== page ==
Who’s in charge: Generally, there is no one leader of a mutual aid network, as they are entirely volunteer-run. Certain community members might spearhead specific programs within the network, but these roles can shift easily as people move into and out of a neighborhood.
Queens – Astoria Mutual Aid Network
History: Like many hyper-local mutual aid networks, this group emerged during the early days of the pandemic. They run pantries and community fridges and have partnered with The Connected Chef to help get food into the hands of Queens residents who need it.
Location(s): Astoria and Long Island City
Get involved: This network utilizes a volunteer dispatch system, so people who sign up to help will be matched with projects and opportunities that are close to them. These might include delivering groceries to someone who lives nearby, or helping out at a local food pantry.
Contact info: email: email@example.com, phone: (646) 397-8383
Queens – Sunnyside/Woodside Mutual Aid
History: This group was born directly from the pandemic. Nowadays, they run three food pantries across the neighborhood and cook more than a hundred vegan and gluten free meals every week. They also worked with other groups in Queens to raise money for Texas after the 2021 power outages.
Location(s): Sunnyside and Woodside
Get involved: Volunteers can sort and deliver food to pantries or prepare hot meals in the kitchen once a week.
Contact info: email: firstname.lastname@example.org, phone: (973) 709-5975
Queens – LIC Relief
History: Though LIC Relief existed before the pandemic, the network took on even more challenges during the height of COVID-19. Notably, they partnered with some Long Island City restaurants to provide 40,000 meals to residents in need. In addition, they are currently running a coat drive for the winter season and providing job coaching.
Location(s): Long Island City
Get involved: Volunteers are needed on a project-by-project basis and can do anything ranging from organizing from home to delivery driving.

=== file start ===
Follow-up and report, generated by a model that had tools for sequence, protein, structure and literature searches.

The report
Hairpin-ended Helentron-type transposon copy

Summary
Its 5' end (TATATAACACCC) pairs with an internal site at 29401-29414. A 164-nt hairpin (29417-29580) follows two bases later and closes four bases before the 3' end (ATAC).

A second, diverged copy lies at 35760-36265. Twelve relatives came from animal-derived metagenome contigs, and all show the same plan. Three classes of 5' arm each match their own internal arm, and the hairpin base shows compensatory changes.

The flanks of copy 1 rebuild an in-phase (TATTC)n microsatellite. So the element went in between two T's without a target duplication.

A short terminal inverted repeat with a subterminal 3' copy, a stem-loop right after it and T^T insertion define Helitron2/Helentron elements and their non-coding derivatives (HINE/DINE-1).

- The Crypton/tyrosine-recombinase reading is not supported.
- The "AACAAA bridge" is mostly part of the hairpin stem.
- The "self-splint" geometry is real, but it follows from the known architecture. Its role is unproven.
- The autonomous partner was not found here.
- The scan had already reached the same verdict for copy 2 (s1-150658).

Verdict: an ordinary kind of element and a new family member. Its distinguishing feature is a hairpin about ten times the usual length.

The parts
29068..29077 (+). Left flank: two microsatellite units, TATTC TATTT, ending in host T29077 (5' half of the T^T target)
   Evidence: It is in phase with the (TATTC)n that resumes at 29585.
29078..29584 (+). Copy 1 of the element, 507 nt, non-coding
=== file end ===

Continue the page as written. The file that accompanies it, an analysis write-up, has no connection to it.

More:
Contact info: mailing address: 4628 Vernon Blvd. #407, Long Island City, NY 11101
Brooklyn – Bushwick Ayuda Mutua
History: Founded amidst the pandemic, Bushwick Ayuda Mutua is an organization entirely funded and run by the community. Their food-support programs are primarily held at Latinos Americanos Unidos, a community center.
Get involved: They distribute food staples, including both nonperishables and fresh meats and produce, and are always looking for volunteer food handlers.
Contact info: email: email@example.com
Brooklyn – #BrooklynShowsLove
History: Equality for Flatbush and the Brooklyn Anti-Gentrification Network teamed up to launch #BrooklynShowsLove, a mutual aid campaign to provide support to Brooklynites in need during the pandemic. The project provides groceries, meal kits, and other services to the community.
Location(s): Flatbush, East Flatbush, and Crown Heights
Get involved: Volunteers are needed to set up meal kits, place calls to Brooklyn residents, and drive for grocery and supply runs.
Contact info: Volunteer form
Manhattan – Upper Manhattan Mutual Aid
History: Since its inception during the pandemic, this network has made more than a thousand grocery deliveries to residents in need and raised more than $20,000. Most of the work they do is no-contact and adheres to social distancing guidelines in order to keep everyone as safe and healthy as possible.
Location(s): Upper East Side, Upper West Side, Harlem, Hamilton Heights, Morningside, Washington Heights, and Inwood
Get involved: Volunteers might make deliveries, sew masks, distribute flyers, make social support calls, and more.
Contact info: email: firstname.lastname@example.org, phone: (646) 849-2962 (voicemails only)
The Bronx – Bronx Mutual Aid Network
History: This network emerged during the pandemic to help Bronx residents such as undocumented families, the elderly, and disabled people who cannot receive government help. Their Facebook page is used to share information about where to find food and medical help.
Location(s): The Bronx, Washington Heights/Inwood, and East Harlem
Get involved: Volunteers deliver medical and food supplies or help residents fill out forms for government assistance over the phone.
Contact info: Volunteer form
The Bronx – South Bronx Mutual Aid
History: Founded in April 2020 by educator and community organizer Ariadna Phillips, the South Bronx Mutual Aid began as a result of the pandemic. Now, the network works with other mutual aid groups across the city and founded four community fridge projects: Anchor Fridge, on City Island Ave; Isla Fridge, on Prospect Ave; Nuestra Nevera, on E 156th Street; and People’s Pantry, on Hunt’s Point Ave.
Location(s): South Bronx
Get involved: This network runs multiple community fridges in the Bronx
Contact info: Volunteer form
Staten Island – Staten Island COVID19 Resource Network
History: This Facebook group, which was created in response to the pandemic, pools news, resources, and help requests in one moderated forum. The resources made available on the page come from government, nonprofit, and grassroots organizations, and are vetted to ensure accuracy.
Location(s): Staten Island
Get involved: Check the page regularly, as requests for help or information change frequently. There is currently no formal volunteer sign-up system.
Contact info: email: SICOVID19@gmail.com